Blog Tour – First Of The Tudors by Joanna Hickson – Extract


Today I am pleased to be taking part in the blog tour for First Of The Tudors by Joanna Hickson. First of the Tudors focuses on the life of Jasper Tudor, son of Queen Catherine of Valois and her second husband, Owen Tudor, as the War of the Roses wreaks havoc on the realm. Below is an extract from the book:

Meg and William Vintner were married at St Mildred’s church in the London ward known as the Vintry, the same church that had witnessed the nuptials of his parents more than twenty years before. As the bride and groom stood in the porch making their vows, I studied the face of the woman who had brought them both up. Mistress Guillaumette Vintner, known to close friends and family as Mette, was now a matron of sixty-three years, stout and wrinkled in her wimple and veil to which, on formal occasions such as this, she added a widow’s barbe to mark her lone status since the death of her husband Geoffrey several years before. They had enjoyed seventeen happy years of marriage before he had succumbed to congestion of the lungs and once or twice I saw her gaze wander wistfully off towards the churchyard where he lay buried. The bridegroom, their only son William, had been what she called their ‘autumn leaf ’, the last fruit of their fertility before the sap began its winter retreat, and no one could have been more delighted than Mette when the relationship between William and Meg changed from the affection of siblings to the attraction of adults. Probably Geoffrey had foreseen their future together too before he died. Somehow it seemed inevitable. Meg had been Queen Catherine’s secret bequest to the woman who had been her wet-nurse as a babe and whom she had come to regard as a true mother.

Owen Tudor stood beside Mette. Father to Edmund, Meg and me and still handsome, with his silver hair and ruddy complexion, he had travelled from the Welsh March for the occasion. I knew he still practised regularly with sword and bow, which kept his physique that of a man ten years younger than the fifty he had lived and I admired him for it. Nor did he appear to have lost any of his ability to charm the ladies; more than once he caused Mette to blush and smile at his whispered comments as the short ceremony progressed. He also aimed a sly wink at Edmund and me, which I returned but which made Edmund hiss through his teeth. I think my brother would rather it had been our mother, Queen Catherine, who survived to attend the wedding, instead of the Welsh squire she had married in secret and to whom she had borne four children. Edmund was the eldest. Our younger brother Owen, the child born shortly before our mother passed away, was now a monk at Westminster Abbey and had taken another name.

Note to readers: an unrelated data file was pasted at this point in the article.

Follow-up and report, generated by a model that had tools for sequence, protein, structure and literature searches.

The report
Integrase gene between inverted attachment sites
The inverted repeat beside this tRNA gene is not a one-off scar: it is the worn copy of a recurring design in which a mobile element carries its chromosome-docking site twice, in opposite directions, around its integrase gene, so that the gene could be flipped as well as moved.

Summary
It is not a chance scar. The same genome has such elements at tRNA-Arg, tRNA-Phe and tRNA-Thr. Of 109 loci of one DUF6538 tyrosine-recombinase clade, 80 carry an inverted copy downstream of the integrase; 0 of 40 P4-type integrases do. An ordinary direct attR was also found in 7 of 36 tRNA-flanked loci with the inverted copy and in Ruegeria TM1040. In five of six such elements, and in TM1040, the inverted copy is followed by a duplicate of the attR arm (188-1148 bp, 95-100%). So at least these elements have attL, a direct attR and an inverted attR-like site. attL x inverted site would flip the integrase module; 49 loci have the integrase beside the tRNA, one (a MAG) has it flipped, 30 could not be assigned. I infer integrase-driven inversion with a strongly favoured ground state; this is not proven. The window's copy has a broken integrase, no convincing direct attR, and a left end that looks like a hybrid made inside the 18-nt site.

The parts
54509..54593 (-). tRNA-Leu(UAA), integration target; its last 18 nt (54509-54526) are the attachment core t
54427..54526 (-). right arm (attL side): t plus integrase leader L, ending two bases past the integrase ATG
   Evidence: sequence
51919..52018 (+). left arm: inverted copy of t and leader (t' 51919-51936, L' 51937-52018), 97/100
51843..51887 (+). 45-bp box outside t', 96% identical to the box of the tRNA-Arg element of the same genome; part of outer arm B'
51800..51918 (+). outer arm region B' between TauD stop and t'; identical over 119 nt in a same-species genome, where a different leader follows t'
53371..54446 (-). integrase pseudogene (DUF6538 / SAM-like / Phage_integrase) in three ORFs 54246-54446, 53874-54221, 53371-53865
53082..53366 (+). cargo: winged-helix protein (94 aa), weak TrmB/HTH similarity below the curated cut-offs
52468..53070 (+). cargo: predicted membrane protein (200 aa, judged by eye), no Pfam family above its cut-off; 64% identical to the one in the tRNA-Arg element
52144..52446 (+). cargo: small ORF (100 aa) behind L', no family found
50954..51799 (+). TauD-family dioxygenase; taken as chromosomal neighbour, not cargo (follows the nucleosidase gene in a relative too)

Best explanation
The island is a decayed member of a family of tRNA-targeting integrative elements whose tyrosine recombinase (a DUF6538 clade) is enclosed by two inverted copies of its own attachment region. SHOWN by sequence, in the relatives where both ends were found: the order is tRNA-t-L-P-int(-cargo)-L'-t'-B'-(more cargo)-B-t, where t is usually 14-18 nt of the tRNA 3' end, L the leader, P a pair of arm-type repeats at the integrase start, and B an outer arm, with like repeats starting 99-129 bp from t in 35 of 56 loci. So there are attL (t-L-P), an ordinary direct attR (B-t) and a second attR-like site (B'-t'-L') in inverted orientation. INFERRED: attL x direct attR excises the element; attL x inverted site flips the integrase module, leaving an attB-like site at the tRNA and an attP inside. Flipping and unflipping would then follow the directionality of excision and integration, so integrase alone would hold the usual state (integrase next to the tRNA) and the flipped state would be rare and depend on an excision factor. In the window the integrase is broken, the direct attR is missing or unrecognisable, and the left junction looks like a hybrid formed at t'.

Edmund’s wedding gift was wrapped in plain linen and draped over his shoulder. He was clad in a bright green damask doublet lined with scarlet, the sleeves dagged and his hose parti-coloured, one leg white and one yellow. The sight had attracted startled glances as we walked from the inn to the church.

‘Why do they stare like that?’ he had grumbled. ‘Have they never seen dagged sleeves?’

‘It might be your legs rather than your arms,’ I responded. ‘A short doublet and hosen like that are rarely seen in London streets.’

‘And no wonder,’ he declared, stepping gingerly over small piles of animal droppings and rotting vegetables. ‘I thank Saint Crispin that I thought to wear bottins rather than shoes.’

After the wedding Mass we walked in procession to Tun Lane, behind a group of beribboned minstrels who rivalled Edmund for colourful apparel and played merry tunes to set the mood. A spectacular array of wafers and pastries was laid out in the panelled hall at the House of the Vine and we were promised a feast of roasted meats when the banquet began. As I kissed the bride and groom and wished them well I noticed that my hogshead of Bride Ale stood in pride of place below the salt, ready for folk to fill their jugs at will. Meg thanked me warmly for it and while other guests gathered around the barrel Mette took me off to sit with her by the hearth. People were taking their places at the cloth-draped boards decked with spring garlands and their flowery scent vied with the smell of yeast and herbs as the ale flowed. Casting a scathing glance at the hogshead, Edmund wandered off to find some wine to drink.

‘That was a very thoughtful gift, Jasper,’ Mette said, ‘just what every wedding needs to get the conversation flowing. It is so good to see you – and Edmund too of course, although I barely recognized him. I must say his taste in clothes has taken an exotic turn!’

I laughed at that. ‘Still not mincing your words then, Mette? Of course at court Edmund’s style is hardly remarkable. It is mine which stands out as being rather bland.’